Despite the very wise words of the noble Lord, Lord Graham of Edmonton, as I have been listening to the debate on the amendment tabled by the noble and learned Lord, Lord Lyell of Markyate, I have become increasingly concerned about the unsuitability of our discussing Clauses 2 and 3 before Sir Christopher Kelly reports. It is extraordinarily difficult to decide whether we should accept the amendment tabled by the noble and learned Lord or by the noble Earl, Lord Onslow—or any other amendments—when we do not know what Sir Christopher Kelly is going to say or what further matters will come from the Senior Salaries Review Body. We are in a vacuum; we are talking in this vacuum and it is extraordinarily unsuitable. I appreciate that the House of Commons has gone through the same unsuitable procedure and has agreed it. We have to recognise what we are about and how wrong it is that we should be doing it.

Has not the noble and learned Baroness given a perfect answer for not having this Bill at all until after Sir Christopher Kelly has reported?

I am talking only about Clauses 2 and 3. I am not at the moment talking about the entire Bill; I have a view but I do not think that it is appropriate to express it at the moment. I am concerned that we have been debating for some 42 minutes whether the amendment tabled by the noble and learned Lord, Lord Lyell of Markyate, should be passed, when it is inappropriate to do so now, not because the proposal is necessarily right or wrong but because we cannot do this until we know what Sir Christopher Kelly says.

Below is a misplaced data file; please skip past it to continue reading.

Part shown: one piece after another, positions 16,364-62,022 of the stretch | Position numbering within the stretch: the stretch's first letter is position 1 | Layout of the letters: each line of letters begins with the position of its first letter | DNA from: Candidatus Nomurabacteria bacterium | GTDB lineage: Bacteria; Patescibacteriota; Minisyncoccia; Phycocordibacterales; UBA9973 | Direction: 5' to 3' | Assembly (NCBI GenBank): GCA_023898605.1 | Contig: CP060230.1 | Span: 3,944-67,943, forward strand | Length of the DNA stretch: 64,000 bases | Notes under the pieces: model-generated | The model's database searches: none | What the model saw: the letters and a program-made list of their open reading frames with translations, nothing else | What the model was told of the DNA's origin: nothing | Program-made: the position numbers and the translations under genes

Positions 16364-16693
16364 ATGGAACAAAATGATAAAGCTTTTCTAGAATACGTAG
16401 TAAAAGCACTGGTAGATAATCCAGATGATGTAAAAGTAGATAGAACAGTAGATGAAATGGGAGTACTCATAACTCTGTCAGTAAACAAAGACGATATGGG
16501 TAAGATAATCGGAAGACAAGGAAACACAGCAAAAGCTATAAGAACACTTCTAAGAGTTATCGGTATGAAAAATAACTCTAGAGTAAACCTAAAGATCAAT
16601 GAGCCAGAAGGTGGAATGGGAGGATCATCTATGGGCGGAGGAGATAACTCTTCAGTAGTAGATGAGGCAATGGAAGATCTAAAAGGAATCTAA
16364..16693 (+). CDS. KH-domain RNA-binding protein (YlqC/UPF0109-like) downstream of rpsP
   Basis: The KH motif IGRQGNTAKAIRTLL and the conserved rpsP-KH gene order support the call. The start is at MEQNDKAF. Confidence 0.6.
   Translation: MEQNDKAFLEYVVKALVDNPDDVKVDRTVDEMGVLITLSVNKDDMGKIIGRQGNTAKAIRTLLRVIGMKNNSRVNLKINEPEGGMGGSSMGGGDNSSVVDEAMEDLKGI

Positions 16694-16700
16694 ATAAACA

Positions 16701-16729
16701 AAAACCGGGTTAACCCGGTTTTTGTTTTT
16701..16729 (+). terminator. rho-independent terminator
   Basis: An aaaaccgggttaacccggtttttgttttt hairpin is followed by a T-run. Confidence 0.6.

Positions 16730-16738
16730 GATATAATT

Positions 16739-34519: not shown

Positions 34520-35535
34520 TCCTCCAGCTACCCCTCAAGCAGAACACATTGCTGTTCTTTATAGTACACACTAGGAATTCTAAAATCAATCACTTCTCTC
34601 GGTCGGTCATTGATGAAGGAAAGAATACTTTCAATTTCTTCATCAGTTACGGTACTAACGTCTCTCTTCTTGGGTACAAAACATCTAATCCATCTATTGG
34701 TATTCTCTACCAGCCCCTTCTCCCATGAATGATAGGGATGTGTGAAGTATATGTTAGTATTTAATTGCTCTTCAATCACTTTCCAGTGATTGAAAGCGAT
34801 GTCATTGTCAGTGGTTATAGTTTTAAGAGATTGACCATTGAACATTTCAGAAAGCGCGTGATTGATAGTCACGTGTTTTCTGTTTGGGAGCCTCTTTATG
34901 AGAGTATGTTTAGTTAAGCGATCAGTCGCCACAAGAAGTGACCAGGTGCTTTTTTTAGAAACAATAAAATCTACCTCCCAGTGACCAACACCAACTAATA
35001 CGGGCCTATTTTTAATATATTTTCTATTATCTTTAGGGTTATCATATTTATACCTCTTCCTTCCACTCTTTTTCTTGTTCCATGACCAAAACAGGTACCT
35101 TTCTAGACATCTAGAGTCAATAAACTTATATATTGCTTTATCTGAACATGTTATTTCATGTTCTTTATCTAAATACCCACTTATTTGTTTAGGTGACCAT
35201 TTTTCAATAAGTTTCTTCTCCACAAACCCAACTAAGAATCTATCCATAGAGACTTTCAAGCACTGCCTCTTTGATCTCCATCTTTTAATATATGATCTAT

I want to contribute briefly to the debate, not least because I want to put it on record that I am breaking the habit of a lifetime and agreeing with the noble Lord, Lord Foulkes of Cumnock.

It is not just for the reasons given by the noble and learned Baroness that I think that it would be totally inappropriate to accept the amendment but because it would go against the whole rationale of the Bill. The Bill is trying to divide the responsibility for making recommendations on matters of salary and allowances, taking it away from the Divisions that have taken place on the Floor of the House of Commons. I was there in July 1974, a very new Member; I was amazed that the House of Commons should vote on these matters, particularly that it should vote in the way that the noble Lord, Lord Foulkes, said, under the influence of a Prime Minister who was not prepared to accept the independent advice of the SSRB.